Philip Green tax schemes: sister-in-law tells MPs she fears for daughter

Sir Philip Green’s sister-in-law, Lady Natasha Richardson, has told MPs she fears for her daughter, Mabel’s life after a tax partner at one of the offshore “securitisation” law firms is jailed. Sir Philip Green…

Philip Green tax schemes: sister-in-law tells MPs she fears for daughter

Sir Philip Green’s sister-in-law, Lady Natasha Richardson, has told MPs she fears for her daughter, Mabel’s life after a tax partner at one of the offshore “securitisation” law firms is jailed.

Sir Philip Green has defended his role in offshore schemes that helped him reduce his tax bill, and she said that she was “horrified” after tax partners at the law firm that helped set up almost 500 companies for her daughter and her mother were jailed for encouraging the use of “bogus” foreign companies in an offshore tax scheme.

More than 50 people are facing jail over the controversial scheme, under which tax-paid companies were instead used to save millions of pounds on the owners’ UK tax bills.

It can be revealed that Charles Rennie, a partner at Cairdcourt, was jailed in June for his role in the scheme. Lady Richardson told MPs on the public accounts committee that Rennie now worked for a different law firm, and that Mabel, 23, did not go through the scheme with him.

But Richardson feared that her daughter and her mother were among those that may be forced to repay part of the scheme because they had been told to make payments of more than £50,000 each to allow companies that set up the scheme to refund part of the tax they paid.

“I was horrified to learn that tax partners from Cairdcourt, which was one of the firms that advised the firms that set up the CVD scheme, were in prison for setting up the scheme and passing on misleading advice to wealthy individuals that may have helped them evade paying tax in Britain,” she said.

The scandal of so-called “tax havens” came under scrutiny on Thursday morning when the prime minister, Theresa May, was pressed to commit more money to Britain’s overseas territories. Mrs May refused to commit to what critics say is a token £100m, but did say the new transparency regime for shell companies was “strangling” new criminality.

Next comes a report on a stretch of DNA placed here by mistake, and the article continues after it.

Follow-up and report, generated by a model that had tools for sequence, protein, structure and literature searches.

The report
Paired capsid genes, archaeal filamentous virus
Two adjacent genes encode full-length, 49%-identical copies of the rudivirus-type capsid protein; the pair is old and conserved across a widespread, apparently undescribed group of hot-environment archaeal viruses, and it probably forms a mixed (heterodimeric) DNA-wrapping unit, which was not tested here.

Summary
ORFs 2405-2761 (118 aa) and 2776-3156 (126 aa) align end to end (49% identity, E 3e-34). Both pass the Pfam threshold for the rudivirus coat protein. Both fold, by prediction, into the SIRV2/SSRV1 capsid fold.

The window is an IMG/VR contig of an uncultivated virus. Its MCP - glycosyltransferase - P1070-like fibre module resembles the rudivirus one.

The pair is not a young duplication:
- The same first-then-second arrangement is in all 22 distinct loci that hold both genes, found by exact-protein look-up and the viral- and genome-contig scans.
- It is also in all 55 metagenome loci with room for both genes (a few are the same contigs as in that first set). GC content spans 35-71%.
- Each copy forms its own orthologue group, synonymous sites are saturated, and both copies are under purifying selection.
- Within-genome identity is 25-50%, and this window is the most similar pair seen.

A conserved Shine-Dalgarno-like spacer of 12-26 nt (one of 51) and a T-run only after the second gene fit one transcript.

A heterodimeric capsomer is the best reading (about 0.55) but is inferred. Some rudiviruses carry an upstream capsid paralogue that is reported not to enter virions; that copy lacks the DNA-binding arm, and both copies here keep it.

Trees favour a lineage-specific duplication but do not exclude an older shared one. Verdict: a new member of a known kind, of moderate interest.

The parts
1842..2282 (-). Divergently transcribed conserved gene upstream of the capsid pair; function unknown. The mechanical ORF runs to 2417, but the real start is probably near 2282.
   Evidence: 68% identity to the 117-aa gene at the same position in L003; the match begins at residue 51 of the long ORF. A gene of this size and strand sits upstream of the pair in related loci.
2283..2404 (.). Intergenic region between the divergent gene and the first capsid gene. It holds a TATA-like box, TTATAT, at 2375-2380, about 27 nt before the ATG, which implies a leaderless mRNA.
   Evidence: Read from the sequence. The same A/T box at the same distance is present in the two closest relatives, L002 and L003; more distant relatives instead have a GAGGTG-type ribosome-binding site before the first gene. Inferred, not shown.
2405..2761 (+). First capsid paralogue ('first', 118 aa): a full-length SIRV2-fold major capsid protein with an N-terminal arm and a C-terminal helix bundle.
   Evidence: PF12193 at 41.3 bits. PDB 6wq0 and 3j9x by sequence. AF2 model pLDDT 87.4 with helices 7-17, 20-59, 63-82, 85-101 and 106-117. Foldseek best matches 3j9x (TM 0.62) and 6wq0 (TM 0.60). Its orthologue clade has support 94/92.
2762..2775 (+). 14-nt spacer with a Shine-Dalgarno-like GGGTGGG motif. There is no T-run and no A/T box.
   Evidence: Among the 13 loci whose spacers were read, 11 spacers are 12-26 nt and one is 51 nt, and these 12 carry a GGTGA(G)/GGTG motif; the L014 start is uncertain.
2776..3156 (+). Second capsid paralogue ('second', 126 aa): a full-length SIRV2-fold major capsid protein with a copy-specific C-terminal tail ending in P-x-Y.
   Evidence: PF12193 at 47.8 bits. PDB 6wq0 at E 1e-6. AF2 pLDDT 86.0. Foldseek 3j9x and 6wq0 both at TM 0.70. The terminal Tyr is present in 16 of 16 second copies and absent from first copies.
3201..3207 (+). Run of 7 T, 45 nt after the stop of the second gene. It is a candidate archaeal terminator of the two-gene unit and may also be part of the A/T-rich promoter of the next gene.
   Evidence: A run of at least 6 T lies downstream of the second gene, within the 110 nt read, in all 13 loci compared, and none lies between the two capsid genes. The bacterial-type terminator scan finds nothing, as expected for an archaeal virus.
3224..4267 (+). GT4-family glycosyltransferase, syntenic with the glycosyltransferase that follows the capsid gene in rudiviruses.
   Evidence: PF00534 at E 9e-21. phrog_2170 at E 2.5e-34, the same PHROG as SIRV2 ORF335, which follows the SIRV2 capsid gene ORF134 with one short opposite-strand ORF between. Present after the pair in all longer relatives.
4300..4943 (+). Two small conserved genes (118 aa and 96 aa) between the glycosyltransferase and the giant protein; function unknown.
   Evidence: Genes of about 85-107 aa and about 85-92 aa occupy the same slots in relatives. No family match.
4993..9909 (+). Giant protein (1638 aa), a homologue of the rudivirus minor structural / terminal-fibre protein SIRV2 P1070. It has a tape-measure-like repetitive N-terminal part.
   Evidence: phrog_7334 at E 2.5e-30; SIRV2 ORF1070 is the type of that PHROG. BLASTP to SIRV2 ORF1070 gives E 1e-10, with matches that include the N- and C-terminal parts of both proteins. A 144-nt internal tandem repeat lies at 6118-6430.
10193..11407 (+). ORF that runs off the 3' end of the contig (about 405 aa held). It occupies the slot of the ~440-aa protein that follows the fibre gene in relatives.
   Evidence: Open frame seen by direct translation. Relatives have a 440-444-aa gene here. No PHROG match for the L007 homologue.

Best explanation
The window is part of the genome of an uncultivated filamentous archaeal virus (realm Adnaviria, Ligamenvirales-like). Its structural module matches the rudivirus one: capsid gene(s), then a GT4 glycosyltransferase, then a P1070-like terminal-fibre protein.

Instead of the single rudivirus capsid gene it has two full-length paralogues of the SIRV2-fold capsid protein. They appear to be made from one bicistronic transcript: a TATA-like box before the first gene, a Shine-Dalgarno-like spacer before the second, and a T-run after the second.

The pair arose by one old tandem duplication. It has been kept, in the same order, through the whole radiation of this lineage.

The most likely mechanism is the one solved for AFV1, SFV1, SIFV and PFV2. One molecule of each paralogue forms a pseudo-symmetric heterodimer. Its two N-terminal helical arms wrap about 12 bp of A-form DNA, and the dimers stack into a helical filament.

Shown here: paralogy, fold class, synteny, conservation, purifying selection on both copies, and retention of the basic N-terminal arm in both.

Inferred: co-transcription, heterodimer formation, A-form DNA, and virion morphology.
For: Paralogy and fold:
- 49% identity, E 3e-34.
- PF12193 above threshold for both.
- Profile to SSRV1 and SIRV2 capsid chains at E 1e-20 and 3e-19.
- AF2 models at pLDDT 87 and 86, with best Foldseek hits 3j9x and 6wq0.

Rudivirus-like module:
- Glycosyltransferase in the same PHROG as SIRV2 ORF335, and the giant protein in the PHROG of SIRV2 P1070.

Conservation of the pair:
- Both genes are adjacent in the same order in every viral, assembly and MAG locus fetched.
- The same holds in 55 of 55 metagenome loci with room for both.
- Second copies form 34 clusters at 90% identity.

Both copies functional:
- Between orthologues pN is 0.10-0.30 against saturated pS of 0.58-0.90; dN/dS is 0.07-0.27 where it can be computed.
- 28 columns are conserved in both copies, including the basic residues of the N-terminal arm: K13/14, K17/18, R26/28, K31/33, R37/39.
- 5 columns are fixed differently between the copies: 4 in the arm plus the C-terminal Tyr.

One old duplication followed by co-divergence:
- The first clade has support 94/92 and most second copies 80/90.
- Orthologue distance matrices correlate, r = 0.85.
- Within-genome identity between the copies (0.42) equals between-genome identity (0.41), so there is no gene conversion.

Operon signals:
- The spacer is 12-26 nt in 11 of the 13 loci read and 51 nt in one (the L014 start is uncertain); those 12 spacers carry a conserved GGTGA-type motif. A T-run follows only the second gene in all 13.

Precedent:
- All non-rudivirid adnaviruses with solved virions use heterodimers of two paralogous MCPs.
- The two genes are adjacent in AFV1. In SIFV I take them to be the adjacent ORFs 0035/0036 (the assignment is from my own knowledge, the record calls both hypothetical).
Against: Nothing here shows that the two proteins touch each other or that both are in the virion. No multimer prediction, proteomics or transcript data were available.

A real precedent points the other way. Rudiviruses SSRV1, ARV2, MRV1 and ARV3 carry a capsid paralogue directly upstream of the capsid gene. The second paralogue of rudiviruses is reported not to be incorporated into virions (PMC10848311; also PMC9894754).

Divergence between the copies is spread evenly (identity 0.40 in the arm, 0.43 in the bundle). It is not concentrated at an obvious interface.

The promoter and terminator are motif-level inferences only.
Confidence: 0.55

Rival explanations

Lady Richardson said her daughter and her mother had each invested “a significant amount of money” in the scheme and that this was made “even worse” when she learned that Cairdcourt was one of the law firms that had been set up to set up the scheme.

“My sister-in-law was able to invest and so were they both at the time,” she said. “The worry was that there may be an issue in the future in relation to the future repayment, as part of that scheme.”

Rennie left the firm in June and joined another firm. Richardson said that many firms had offered to set up the firm that had held the scheme, with HMRC acting as a mediator. However, she said that she did not believe that Rennie had deliberately misled them, and “had no alternative but to go forward with the arrangements”.

Green had told MPs earlier this year that the pensions aspect of the scheme was illegal. The scheme’s lawyers told the judge in the case they were unable to consider the pension option because they believed it would put the scheme in breach of investment regulations. They said it was based on his knowledge of the pension scheme that he had set up himself, through the BHS pension fund.

Green also faced criticism after it emerged that one of the schemes he sought advice on was to set up a Swiss bank account holding £45m of offshore money. The Daily Telegraph exposed that Green had transferred pension fund assets to offshore accounts, and described the money as evidence that he wanted to keep it out of the UK tax net.

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